. . . let it go, whatever “it” is that’s hurting you.

. . . don’t be afraid to make the first move.

. . . understand that life is not going to turn out exactly the way you expect, and accept that it’s going to be amazing anyway.

. . . call your grandparents more often.

. . . read Slaughterhouse Five.

. . . don’t be afraid to say good-bye. Not everyone is meant to be in your life forever.

. . . find something beautiful about yourself every day.

. . . know that life is not a competition and you don’t always have to win.

. . . take the high road whenever possible.

. . . read a banned book at least once in your life.

. . . remember that there’s more to life than what you see on the internet.

And last, but definitely not least . . . .

. . .forgive yourself once in a while. You deserve it. 

 

This is a Finish the Sentence Friday post. This week’s sentence is “What I’m really trying to say is …” Hosted by Kristi of Finding NineeMardra Sikora, and  Vidya Sury .

 

 

Coffee or Tea?

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If we were having coffee this morning, you’d probably have to fend for yourself. Yes, it’s been one of those mornings.

My Sunday began a little before seven a.m., when I rolled over in bed and found a pair of big blue eyes mere inches away from my own. They were sparkling and oh-so-wide-awake. Disturbingly wide-awake. Terrifyingly wide-awake.

“Hey, Mom!” the boy chirped. “I wondered if you were ever gonna wake up.  Can we go watch TV? Have you had your coffee yet? Are you gonna make waffles today? ‘Cuz we’re out of cereal. We still have the Cheerios stuff but everybody else ate the good strawberry stuff and I never got any of it at all. Can we go to the Amish store and get some more of it ‘cuz it’s really good and it’s my favorite and I never get any because everybody else always eats it before I get any. We have some Lucky Charms but I don’t want it because I already ate  the marshmallows and now it’s just cereal. I don’t want eggs though ‘cuz it takes too long to make ‘em and I’m really hungry and aren’t you ever gonna get outta bed?”

I like to think I said something wise and motherly that fully demonstrated my love for this, my youngest child. In reality, however, I think there’s a pretty good chance I said something along the lines of “I have to pee.”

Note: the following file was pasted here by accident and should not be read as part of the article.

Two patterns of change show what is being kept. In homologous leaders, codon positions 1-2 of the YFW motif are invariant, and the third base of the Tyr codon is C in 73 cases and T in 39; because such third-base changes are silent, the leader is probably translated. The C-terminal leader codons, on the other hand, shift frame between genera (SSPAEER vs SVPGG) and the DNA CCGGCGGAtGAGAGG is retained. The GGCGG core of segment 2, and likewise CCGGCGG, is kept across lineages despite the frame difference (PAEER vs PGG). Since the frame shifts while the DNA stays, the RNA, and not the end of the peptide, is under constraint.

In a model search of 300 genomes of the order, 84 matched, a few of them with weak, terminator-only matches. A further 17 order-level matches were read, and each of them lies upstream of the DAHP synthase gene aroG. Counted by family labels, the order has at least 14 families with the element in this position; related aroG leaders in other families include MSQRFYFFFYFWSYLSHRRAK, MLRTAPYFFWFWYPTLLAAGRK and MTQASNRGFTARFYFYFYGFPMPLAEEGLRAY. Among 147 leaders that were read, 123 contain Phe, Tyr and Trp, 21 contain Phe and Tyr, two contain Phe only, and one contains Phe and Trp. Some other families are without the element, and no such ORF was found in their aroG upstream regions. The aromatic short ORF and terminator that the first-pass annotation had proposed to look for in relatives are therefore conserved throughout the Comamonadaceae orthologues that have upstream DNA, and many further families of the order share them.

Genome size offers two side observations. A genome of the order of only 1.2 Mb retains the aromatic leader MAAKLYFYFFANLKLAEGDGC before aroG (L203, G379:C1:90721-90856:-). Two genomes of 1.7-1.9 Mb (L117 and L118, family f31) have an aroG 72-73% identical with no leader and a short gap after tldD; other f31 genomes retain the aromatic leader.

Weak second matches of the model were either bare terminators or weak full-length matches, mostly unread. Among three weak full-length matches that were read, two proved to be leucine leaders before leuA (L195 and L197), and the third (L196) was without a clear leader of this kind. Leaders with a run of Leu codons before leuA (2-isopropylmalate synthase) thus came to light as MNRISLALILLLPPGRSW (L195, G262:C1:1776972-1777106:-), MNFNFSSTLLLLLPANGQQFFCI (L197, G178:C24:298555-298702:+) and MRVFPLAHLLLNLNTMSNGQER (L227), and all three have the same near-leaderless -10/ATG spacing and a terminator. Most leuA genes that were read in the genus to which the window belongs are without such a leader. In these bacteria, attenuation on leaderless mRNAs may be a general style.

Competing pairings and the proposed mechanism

I haven’t really made coffee in my new place yet. I’ve basically switched to tea for a lot of reasons that sort of escaped me this morning. I dug around in the cupboards for the parts and bits and pieces of the coffeemaker, jammed them together, dug some more for the filters, and scraped the last bits of cheap dollar store coffee out of the bottom of the Folger’s can where I store it to trick myself into thinking I’m drinking the good stuff.

Now I’m somewhere in the middle of my third cup, and Little Man is polishing off his first. Oh, don’t judge me; it’s more milk than coffee, and it’s not as though a little caffeine is going to give him that much more energy. He can’t have more energy than he has at this moment. He’s already vibrating. He’s also playing some game in the living room that involves Matchbox cars, a stuffed camel, and a giant penguin that keeps playing “Let it Snow” on an endless loop that is seriously lacking in volume control.

The energy is a good sign, honestly. He’s settling into our new home and getting enough sleep, and I just don’t think he knows what to do with himself now that he’s fully-rested. He loves his “new” bed here, and I think this may be the first time in months that he’s actually been sleeping all night long without getting up in the night to crawl in with me or one of his siblings.

The coffee is really pretty bad, I’m afraid. If you really want to share some, you’re probably going to need some sugar and milk. Maybe a shot of whiskey, if I had any. Perhaps I should have offered tea?

I have some flavored coffee beans we could try if I hadn’t given the Princess my coffee grinder when she left for college. She was so excited about those blueberry-muffin-flavored coffee beans she bought herself, and I didn’t have a lot of confidence in the hammer-and-rolling-pin method she devised on her own.

She seems to be settling into college life pretty well. She sent me a copy of a paper she wrote about her Great-Aunt Marian, and I was a sobbing wreck by the time I finished reading it, so it would seem that she’s making a good start in that class, at least. She also seems to be pretty happy with Mr. Nice Guy, the newest man in her life. I don’t know much about him beyond the fact that he makes my daughter happy and he treats me with respect, and that’s enough.

My oldest son, the Dark Prince, seems to be settling into his Senior year as well. I can’t believe this hulking 6’3” young man with the size 14 EEEE feet is is the same little boy who taught himself — and all the other daycare kids — to ride a bike because his father and I weren’t teaching him fast enough. I can still see him whizzing around in circles on that little green Hulk bike.

Riding in a straight line presented a few challenges for him, if I remember correctly, but he mastered it the way he has always mastered the challenges that face him. He’s now in the running for a really big scholarship, and I’m busily crossing fingers, toes and everything else in hopes that the opportunity pans out for him.

So . . . life is going on.

It was an awful summer. One of the worst ever. But I survived, and I’m moving forward. Oh, we’re still tripping over boxes, and I’m starting to think I’ll never get all of our clothes put away, but we’re settling in and doing okay. Not great yet, but okay.

Even without good coffee.